07.11.2016 - Natural Sciences Sector

Indigenous Knowledge offers innovative solutions to address climate change

The UNESCO Pavilion at the 2016 UN Conference on Climate Change (COP22) opened its doors today with a series of discussions on the solutions that indigenous knowledge can offer to tackle climate change, and how to best support particularly vulnerable local and indigenous communities. Over 400 million of the world’s indigenous peoples live in territories that are highly vulnerable to the impacts of climate change. Indigenous peoples of northern Europe, Siberia and Alaska, pastoralist communities in the Sahel, or island communities in the Pacific Ocean, to name but a few, are already experiencing adverse effects very keenly. Yet they are using their highly detailed knowledge, produced through direct experience over generations, to observe and respond actively to changing climatic conditions.

Indigenous representatives presented the main conclusions of the international conference organized by UNESCO and CNRS in support of international efforts to implement the Paris Climate Agreement. Held on 2 and 3 November 2016, it focused on the role that indigenous and local knowledge can play, alongside science, in observing and responding to the impacts of a changing climate.

UNESCO has long recognized that we need to bring together understandings, values and solutions from many horizons in order to tackle global challenges. “Indigenous peoples respond, innovate and adapt to this context of change, and their resilience is rooted in their ways of life and their social solidarity”, stressed Flavia Schlegel, UNESCO’s Assistant Director-General for the Natural Sciences. “They will find a path, whatever the hardships, thanks to their trust in their deeply rooted cultures, and the strength of their observations and knowledge, which are both ancestral and innovative”.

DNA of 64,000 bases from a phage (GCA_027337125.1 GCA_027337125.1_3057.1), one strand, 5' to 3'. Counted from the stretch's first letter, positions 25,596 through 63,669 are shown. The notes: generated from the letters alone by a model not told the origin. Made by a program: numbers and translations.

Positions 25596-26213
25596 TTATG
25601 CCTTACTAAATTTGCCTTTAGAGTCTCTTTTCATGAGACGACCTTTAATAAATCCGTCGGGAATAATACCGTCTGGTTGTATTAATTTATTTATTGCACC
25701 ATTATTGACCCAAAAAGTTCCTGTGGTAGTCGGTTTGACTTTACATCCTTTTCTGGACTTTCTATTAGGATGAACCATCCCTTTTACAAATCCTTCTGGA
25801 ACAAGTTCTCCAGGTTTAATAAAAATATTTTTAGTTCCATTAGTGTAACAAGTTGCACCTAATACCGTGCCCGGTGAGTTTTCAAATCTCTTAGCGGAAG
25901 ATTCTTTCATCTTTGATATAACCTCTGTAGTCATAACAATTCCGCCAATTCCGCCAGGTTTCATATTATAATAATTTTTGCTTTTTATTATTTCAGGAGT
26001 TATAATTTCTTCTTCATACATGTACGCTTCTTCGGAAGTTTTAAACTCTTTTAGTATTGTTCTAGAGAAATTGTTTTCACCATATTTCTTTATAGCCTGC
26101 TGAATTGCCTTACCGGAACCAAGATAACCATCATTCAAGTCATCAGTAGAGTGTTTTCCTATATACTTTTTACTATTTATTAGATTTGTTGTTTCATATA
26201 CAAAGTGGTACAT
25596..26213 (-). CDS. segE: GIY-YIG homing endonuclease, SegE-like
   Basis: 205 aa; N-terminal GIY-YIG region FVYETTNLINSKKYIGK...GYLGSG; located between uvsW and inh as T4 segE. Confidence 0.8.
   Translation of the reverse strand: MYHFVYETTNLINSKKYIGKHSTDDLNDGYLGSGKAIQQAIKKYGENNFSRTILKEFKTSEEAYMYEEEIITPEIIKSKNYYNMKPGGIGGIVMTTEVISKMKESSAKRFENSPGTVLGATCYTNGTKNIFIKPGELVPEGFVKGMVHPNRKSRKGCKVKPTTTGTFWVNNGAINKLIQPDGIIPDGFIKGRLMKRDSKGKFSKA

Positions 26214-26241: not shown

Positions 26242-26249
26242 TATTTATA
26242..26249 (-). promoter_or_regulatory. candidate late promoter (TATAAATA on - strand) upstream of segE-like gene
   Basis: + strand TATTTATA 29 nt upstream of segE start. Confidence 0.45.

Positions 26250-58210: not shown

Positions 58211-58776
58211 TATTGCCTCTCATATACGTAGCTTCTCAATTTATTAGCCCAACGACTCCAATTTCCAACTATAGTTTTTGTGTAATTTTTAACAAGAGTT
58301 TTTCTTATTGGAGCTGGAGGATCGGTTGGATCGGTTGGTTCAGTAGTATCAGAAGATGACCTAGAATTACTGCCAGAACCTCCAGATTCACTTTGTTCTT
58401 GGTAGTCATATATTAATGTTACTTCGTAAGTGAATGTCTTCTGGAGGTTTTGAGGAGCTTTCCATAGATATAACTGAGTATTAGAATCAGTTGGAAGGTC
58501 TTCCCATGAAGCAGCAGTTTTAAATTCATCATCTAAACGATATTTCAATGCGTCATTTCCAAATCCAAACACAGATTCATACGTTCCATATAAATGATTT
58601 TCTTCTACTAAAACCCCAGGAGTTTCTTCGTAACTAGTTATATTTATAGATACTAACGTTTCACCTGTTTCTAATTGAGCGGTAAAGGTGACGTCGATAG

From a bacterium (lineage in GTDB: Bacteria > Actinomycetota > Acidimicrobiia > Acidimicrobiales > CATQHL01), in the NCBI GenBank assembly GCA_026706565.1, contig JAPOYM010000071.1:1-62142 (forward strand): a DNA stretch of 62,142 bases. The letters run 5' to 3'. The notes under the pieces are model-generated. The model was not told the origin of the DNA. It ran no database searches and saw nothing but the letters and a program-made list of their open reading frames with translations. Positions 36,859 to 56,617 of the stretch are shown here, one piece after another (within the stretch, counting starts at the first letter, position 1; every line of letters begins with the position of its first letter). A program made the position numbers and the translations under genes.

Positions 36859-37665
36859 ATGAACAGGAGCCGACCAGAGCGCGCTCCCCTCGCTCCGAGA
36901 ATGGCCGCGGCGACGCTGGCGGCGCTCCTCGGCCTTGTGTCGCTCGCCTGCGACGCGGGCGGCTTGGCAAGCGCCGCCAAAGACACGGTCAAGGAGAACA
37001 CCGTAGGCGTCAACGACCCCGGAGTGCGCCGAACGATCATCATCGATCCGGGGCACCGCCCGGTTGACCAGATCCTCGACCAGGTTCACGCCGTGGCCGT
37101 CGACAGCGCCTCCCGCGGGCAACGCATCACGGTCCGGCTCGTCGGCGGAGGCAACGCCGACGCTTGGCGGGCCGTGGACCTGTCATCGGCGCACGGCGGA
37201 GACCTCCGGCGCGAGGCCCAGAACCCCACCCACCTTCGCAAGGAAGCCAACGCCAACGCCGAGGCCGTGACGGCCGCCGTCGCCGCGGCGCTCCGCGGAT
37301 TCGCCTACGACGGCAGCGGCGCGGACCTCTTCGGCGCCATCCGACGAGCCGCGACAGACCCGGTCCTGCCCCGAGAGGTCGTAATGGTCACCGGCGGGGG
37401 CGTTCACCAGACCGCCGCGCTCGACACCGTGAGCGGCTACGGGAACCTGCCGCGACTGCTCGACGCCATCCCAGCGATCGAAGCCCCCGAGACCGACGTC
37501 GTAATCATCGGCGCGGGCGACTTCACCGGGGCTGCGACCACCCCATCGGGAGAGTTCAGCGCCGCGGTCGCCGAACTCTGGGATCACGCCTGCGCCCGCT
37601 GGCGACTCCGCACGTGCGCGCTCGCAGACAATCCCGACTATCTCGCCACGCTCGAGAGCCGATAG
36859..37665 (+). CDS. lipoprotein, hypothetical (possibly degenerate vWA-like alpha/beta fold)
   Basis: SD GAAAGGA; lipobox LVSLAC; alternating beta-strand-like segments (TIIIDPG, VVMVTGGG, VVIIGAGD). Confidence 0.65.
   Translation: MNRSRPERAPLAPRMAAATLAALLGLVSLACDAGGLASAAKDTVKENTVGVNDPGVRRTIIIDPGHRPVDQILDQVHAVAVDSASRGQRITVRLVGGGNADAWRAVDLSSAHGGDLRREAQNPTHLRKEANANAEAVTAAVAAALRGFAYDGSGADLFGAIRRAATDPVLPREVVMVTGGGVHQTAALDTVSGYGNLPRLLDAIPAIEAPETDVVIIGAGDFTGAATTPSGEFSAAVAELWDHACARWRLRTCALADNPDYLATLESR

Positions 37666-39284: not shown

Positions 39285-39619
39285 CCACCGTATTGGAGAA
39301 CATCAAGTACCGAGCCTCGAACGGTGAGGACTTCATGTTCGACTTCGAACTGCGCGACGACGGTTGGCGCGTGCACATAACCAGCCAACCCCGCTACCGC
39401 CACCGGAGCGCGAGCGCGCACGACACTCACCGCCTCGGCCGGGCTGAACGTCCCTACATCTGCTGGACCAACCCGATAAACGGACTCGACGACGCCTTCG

Collaboration between indigenous knowledge holders and mainstream scientific research can generate new co-produced knowledge that will enable effective action to cope with climate change. The similarities and differences between different knowledge systems must be better understood, in order to facilitate this collaboration. For example, extreme events are measured by Sami herders in terms of consequence, while climatologist will consider intensity. A series of low-intensity warm and cold spells, resulting in the formation of an ice crust on the snow that prevents reindeer for accessing their food, will be recorded as an extreme event by the Sami but not by climatologists.

Indigenous observations and knowledge factor in elements that are often overlooked by scientific experts. In Ethiopia, Afar pastoralists traditionally predict weather and climate through the observation of stars, winds, livestock, insects, birds, trees and other wildlife. The information is collected, shared and analyzed through traditional institutions, who triangulate various sources of information.

Over generations, indigenous peoples have modified and maintained most of the world’s ‘wilderness’ areas. Fire management, community forestry and indigenous soil enhancement practices have shaped landscapes across the globe. These traditional practices have the potential to enhance carbon sinks and provide benefits back to the communities; they provide tools for the sustainable management of nature. However, defining appropriate ways to engage indigenous knowledge at the intergovernmental level remains challenging, although international recognition of indigenous knowledge of the environment has accelerated, coupled with an increased awareness of the need to safeguard rights of indigenous peoples.

A series of thematic days will be ogranized during COP22 at the UNESCO Pavilion in the Civil Society Area of the COP22 conference,  to assist Member States through UNESCO's uniquely multidisciplinary expertise and outreach in climate change education, science, culture and communication, mobilizing efforts for enhanced climate change awareness and action.

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